This is a major threat situation for firms in the US and, to a lesser extent, elsewhere. Many CEO level initiatives are all about the threat these internet-based companies represent. Amazonization is an existential threat. And they don’t see any major quick fixes from AI (or anywhere else) to thwart these new, far more agile competitors who have thrown out the rulebook in many cases.

What’s needed in the market are a range of solution platforms that will exploit many technologies (including but not only AI), helping most entities reinvent themselves for this new age.

(Don’t let this stop your organization from tactically exploiting technologies like AI to enhance your current systems and processes. And don’t assume this makes you safe from ‘apex internet predators’ (apex predators) who are among the leading edge top five percent who are really investing strategically in major enterprise business initiatives in fulfillment of their Amazonization mission.

For more executive perspectives, see CEOs are seeking major business initiatives, not AI or other tech giblets. And I will cover apex predators in a subsequent blog post.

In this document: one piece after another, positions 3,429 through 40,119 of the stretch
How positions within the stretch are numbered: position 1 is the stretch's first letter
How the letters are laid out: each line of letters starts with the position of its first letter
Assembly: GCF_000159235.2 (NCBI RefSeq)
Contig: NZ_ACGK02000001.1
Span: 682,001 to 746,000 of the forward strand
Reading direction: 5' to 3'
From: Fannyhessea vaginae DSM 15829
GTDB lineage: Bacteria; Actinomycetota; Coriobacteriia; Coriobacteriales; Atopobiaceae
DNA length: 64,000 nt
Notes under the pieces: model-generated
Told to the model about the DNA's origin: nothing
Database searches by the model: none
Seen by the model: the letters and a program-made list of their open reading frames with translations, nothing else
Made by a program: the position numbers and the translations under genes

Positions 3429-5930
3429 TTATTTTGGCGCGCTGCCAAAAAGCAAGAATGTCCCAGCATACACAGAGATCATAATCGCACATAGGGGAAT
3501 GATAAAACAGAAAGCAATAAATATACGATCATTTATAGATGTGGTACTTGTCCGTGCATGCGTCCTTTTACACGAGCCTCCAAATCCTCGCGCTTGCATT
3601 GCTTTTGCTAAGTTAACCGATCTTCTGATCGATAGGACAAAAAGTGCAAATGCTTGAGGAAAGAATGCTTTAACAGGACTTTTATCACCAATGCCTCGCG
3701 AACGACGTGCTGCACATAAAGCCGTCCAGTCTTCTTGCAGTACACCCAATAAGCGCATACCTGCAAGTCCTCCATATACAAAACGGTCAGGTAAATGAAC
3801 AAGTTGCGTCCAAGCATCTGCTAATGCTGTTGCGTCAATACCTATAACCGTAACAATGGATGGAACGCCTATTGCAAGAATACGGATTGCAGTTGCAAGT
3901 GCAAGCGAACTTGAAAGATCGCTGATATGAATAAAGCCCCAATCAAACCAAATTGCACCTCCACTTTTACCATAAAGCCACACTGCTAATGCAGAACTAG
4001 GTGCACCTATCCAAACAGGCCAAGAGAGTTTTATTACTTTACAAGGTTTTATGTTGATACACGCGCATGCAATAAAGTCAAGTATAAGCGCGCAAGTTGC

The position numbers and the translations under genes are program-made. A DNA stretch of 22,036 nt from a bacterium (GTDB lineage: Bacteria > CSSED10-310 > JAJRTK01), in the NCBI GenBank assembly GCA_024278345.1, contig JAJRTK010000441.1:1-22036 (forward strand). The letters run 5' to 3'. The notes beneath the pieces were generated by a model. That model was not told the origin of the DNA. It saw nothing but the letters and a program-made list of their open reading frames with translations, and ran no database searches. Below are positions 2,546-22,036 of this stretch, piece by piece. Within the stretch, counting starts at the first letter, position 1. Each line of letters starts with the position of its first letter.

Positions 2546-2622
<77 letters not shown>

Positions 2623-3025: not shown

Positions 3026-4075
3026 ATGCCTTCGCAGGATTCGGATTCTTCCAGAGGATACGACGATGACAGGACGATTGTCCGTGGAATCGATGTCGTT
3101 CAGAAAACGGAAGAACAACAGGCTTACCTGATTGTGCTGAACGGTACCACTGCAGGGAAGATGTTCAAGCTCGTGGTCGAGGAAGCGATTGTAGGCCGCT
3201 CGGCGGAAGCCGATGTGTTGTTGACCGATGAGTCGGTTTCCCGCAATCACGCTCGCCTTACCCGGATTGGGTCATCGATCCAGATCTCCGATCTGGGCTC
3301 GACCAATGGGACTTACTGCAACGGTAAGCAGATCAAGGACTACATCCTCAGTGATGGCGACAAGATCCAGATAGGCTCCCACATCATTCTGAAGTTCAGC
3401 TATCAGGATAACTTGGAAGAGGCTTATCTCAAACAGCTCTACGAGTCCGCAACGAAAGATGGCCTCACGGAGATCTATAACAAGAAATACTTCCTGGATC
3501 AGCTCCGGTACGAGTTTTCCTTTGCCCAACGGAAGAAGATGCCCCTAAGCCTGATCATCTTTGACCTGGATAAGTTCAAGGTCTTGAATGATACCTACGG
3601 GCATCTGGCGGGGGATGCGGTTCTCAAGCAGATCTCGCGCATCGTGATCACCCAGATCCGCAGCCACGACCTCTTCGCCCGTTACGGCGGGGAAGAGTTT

In the meantime, do you see platforms (and ecosystems supporting them) really ready to help firms adapt to and thrive in this new environment?

Let me know.

Disclaimer: This post is my own opinion. It’s not a paid post. I wrote it myself and I have no affiliation with any of the entities mentioned above.

Note: I am intentionally not analyzing the different potential outcomes for the various nations in the second graphic. I’ll leave questions like “China vs. US” to later work. I am also not going to call out the specific newsletters (hype sources) referenced in this post. If we were to catalog all the examples of bad data and bad analysis, there would be scant time to present the right data and analysis. If you want to know who it was this time, ask me and I’ll send it to you.

[Headline and end-notes edited for clarity, 4 Feb 2019.]